Visually, the graphics and artstyle work wonderfully in VR. While the unique motion captured performances look fantastic in the base game, I had some concern that they might take you out of the experience in VR, considering it's a new first-person perspective that gives you more movement agency to disrupt the pre-captured performances. Surprisingly, however, Rockstar employs head tracking, so characters will often look your way, even when you're moving around them.

The VR version isn't without its flaws, however. While the few shooting sequences are often exciting, and the gun models look and feel accurate based on how you reload them, aiming is often imprecise. Furthermore, even though 99 percent of the game takes place in first-person, there are brief moments when the game switches to a more traditional third-person perspective, which can be a little jarring.

While the game encourages you to physically sit in a chair when the situation calls for it, there's the occasional bug that makes it look like you're a super small person with tiny hands when you're playing seated.

While L.A. Noire: The VR Case Files has its flaws, it excels at making you feel and think like a detective in a way that the base game can't. The VR version isn't a replacement for the full game, but it's a great companion that allows you to play the greatest hit moments from Rockstar's noire opus in a welcomed new way.

Categories: Games

PlayerUnknown's Battlegrounds Review

Fri, 12/22/2017 - 17:00

You know what's a great idea? Stuffing 100 players into a plane to parachute down onto a desolate island to scavenge for weapons, armor, and supplies in hopes of surviving a bloody deathmatch. And to keep things interesting as numbers dwindle, throw in the impending doom of an electric field that forces players into an ever-shrinking warzone. PlayerUnknown's Battlegrounds turns this foreboding gameplay concept into an exhilarating multiplayer shooter. With several randomized variables that challenge you to adapt, no two matches are the same, and it's what keeps you coming back for more. It's not the first of its kind, and despite glaring flaws, PUBG emerges as the most accessible, mechanically refined battle royale game to date.

PUBG stands above its forebears by streamlining systems and mechanics to let you focus on gearing up, devising tactics on the fly, and executing them to the best of your ability. Gone are granular gameplay elements like crafting, bleeding, and the arduous navigation from games of this lineage. Jumping into a match is less daunting and faster paced than something like H1Z1: King of the Kill or earlier Arma II mods that Brendan "PlayerUnknown" Greene himself helped create.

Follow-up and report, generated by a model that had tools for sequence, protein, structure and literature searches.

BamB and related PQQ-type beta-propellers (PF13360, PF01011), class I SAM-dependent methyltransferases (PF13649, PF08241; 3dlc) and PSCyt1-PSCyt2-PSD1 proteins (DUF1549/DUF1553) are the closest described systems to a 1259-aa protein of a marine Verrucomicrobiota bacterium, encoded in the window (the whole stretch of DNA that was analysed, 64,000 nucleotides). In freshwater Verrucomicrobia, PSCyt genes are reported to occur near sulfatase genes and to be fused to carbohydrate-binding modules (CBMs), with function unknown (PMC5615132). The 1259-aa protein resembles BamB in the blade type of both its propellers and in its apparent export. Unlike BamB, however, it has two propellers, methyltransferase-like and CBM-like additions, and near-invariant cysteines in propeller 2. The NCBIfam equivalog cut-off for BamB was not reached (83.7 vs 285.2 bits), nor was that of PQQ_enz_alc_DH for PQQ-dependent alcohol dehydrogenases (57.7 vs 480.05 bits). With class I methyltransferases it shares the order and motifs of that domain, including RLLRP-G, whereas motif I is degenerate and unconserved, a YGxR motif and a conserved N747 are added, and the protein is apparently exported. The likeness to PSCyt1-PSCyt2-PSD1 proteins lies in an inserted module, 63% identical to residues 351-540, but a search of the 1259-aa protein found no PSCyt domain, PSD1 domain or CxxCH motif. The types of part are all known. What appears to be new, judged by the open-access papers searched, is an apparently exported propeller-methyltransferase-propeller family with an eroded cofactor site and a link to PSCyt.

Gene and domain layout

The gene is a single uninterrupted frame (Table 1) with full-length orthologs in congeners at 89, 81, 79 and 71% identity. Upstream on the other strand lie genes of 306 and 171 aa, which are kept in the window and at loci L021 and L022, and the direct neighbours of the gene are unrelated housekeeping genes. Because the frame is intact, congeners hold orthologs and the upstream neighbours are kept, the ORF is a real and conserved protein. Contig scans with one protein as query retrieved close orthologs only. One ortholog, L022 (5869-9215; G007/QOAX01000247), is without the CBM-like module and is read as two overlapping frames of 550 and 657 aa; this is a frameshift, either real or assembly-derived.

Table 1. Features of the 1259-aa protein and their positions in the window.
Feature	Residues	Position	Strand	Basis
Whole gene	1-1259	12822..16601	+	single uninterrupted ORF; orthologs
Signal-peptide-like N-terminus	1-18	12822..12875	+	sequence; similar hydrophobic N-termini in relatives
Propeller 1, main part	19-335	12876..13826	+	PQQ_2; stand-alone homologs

Whether solo or with a squad of other players, the early phase of a match is filled with tense anticipation. Dropping out of an aircraft with just the clothes on your back, you're expected to loot for weapons, ammo, armor, and health packs. These critical items litter the city centers, towns, and abandoned structures across the game's two different maps. You have to account for the plane's flight path and determine if you want to pick a fight as soon as possible; if so, it's a race to find the first gun or immediately throw hands in a hilariously janky boxing match. On the flip side, parachuting to a more distant town results in a less stressful hunt for items; either way, you won't always get the gear you want. In squads, sharing an abundance of ammo and health packs or helping scout for a vehicle highlights the tactical advantage of team play in the opening minutes.

It's absolutely necessary to juggle all of these factors in the early phase of a match, and by the same token, this can prove to be exhausting and repetitive. Despite having relatively smooth inventory management, it's demoralizing to spend a majority of a match gearing up only to lose in the first firefight or die unceremoniously by distant gunfire coming from an undetermined direction. The harsh reality is part and parcel of the give-and-take you have to accept in PUBG for the more rewarding moments to surface.